Sadly, many of us in the LGBTQIA community know what it feels like to be othered. As we think about the annual conference theme, “Love Undivided,” it is important to highlight some within our Q Christian community also feel othered because of the ‘great debate’ between Side A and Side B positions. When relational divides are present it is easy to judge one another’s viewpoints and behavior. ‘Othering’ another is often used to categorize those to whom we do not relate, inspiring separateness because our differences place us in opposing theological, institutional, or political camps. We may even use our differences to scapegoat one another.
“Relational dualism” is a term that defines how barriers delineate the right from the wrong, the in from the out, and the clean from the dirty. Relational categories like these strip us from being able to identify the God-given value of others. Just as dangerous, these categories often keep us from recognizing the God-given value of ourselves. We have become accustomed to feeling worth because we’ve created a list of standards we can achieve. When we do this, we identify more with our works than with our essence, forgetting that we bear the imago Dei. We become captives of what we can (or think we should) do, rather than who we are. We fabricate a false sense of safety.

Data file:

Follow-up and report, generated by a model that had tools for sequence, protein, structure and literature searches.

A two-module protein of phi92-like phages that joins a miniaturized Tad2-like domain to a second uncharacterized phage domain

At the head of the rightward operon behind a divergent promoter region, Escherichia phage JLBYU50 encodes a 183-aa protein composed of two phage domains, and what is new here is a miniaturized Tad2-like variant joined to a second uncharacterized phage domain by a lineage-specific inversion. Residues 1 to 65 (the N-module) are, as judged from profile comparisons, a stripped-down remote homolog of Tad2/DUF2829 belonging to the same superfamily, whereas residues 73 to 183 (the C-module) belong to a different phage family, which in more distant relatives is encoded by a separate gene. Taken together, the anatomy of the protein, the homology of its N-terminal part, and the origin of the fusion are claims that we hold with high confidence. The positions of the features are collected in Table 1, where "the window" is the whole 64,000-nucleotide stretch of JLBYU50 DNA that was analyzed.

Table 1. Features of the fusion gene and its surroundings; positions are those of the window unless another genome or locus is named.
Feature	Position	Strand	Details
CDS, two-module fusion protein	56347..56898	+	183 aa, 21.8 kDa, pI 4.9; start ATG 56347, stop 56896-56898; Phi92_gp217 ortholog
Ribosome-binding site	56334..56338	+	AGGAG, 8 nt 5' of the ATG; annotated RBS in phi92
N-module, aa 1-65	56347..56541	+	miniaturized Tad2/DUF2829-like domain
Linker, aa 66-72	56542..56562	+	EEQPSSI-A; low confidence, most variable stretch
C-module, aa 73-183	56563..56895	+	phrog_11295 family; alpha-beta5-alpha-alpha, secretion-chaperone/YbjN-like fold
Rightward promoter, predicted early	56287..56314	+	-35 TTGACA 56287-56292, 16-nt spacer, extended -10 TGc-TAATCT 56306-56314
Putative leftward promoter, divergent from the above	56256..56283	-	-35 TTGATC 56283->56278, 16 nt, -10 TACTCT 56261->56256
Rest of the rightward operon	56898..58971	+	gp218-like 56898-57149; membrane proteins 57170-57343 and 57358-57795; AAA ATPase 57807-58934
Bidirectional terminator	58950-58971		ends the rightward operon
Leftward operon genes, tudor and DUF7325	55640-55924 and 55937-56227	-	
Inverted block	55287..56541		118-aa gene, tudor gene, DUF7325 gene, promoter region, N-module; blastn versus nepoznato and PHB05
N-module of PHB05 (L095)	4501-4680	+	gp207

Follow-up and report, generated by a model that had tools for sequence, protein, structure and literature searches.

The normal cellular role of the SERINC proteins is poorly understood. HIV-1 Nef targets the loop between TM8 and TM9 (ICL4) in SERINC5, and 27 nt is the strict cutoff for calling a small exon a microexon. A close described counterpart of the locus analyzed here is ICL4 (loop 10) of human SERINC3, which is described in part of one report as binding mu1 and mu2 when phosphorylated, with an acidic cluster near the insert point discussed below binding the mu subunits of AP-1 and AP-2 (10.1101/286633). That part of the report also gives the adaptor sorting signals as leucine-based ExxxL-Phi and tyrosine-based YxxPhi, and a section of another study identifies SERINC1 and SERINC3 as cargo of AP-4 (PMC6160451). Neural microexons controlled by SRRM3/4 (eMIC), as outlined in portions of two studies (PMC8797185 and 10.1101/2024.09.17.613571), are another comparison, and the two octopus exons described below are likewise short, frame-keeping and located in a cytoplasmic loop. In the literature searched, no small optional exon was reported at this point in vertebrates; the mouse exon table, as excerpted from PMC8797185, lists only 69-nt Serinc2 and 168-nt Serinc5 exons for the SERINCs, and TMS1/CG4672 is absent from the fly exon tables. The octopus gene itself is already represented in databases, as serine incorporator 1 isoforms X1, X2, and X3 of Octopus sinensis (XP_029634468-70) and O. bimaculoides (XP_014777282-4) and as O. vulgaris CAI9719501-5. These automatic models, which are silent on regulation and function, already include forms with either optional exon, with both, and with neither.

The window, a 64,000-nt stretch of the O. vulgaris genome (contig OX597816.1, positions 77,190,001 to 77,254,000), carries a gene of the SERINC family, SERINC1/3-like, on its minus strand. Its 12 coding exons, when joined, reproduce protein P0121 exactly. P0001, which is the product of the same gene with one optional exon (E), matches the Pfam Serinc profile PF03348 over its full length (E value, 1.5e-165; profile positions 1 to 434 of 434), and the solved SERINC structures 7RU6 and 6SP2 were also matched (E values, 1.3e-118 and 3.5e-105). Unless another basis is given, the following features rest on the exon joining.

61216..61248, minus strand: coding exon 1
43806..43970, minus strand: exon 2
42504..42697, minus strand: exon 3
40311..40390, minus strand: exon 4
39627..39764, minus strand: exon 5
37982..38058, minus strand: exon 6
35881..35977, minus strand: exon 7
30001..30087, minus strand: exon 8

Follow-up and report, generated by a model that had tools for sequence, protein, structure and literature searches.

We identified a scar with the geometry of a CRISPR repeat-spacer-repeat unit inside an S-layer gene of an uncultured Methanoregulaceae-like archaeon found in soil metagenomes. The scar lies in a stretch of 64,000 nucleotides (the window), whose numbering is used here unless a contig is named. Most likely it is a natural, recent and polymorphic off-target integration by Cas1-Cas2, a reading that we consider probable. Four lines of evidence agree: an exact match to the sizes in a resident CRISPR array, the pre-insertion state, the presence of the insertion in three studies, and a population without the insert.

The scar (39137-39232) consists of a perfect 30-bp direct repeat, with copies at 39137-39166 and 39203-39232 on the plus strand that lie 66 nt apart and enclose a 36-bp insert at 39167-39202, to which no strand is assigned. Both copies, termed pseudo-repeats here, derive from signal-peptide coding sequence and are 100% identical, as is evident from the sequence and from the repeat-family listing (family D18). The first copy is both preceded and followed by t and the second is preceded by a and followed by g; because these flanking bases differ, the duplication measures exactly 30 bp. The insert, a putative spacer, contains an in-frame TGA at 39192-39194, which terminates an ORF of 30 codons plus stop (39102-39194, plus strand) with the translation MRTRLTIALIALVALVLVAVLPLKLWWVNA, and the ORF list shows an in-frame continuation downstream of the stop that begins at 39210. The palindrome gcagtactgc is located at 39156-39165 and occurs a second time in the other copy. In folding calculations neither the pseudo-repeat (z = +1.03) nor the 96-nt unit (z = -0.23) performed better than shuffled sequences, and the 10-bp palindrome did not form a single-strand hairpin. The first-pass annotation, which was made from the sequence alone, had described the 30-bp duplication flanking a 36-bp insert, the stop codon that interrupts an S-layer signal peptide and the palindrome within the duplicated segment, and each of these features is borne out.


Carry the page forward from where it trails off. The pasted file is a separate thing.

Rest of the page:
Week 1 — October 1-7
All Are Beloved Children of God
As a means of creating a roadmap leading to conference, let’s begin where we left off, with a heavy focus on “belonging.” All are beloved children of God, not only because God is gracious, but because we all bear God’s image and likeness. Let us imagine for a moment that you and I have shed all of our familial, cultural and societal labels. I venture to say that we would be left with nothing more than our pure essence as God's children. Consider the possibility that inherently we are all the same, intended to share in deep and unchangeable equity. If we all believed this incredible supposition, I believe there would be no prejudice, patriarchy, or discrimination of any kind.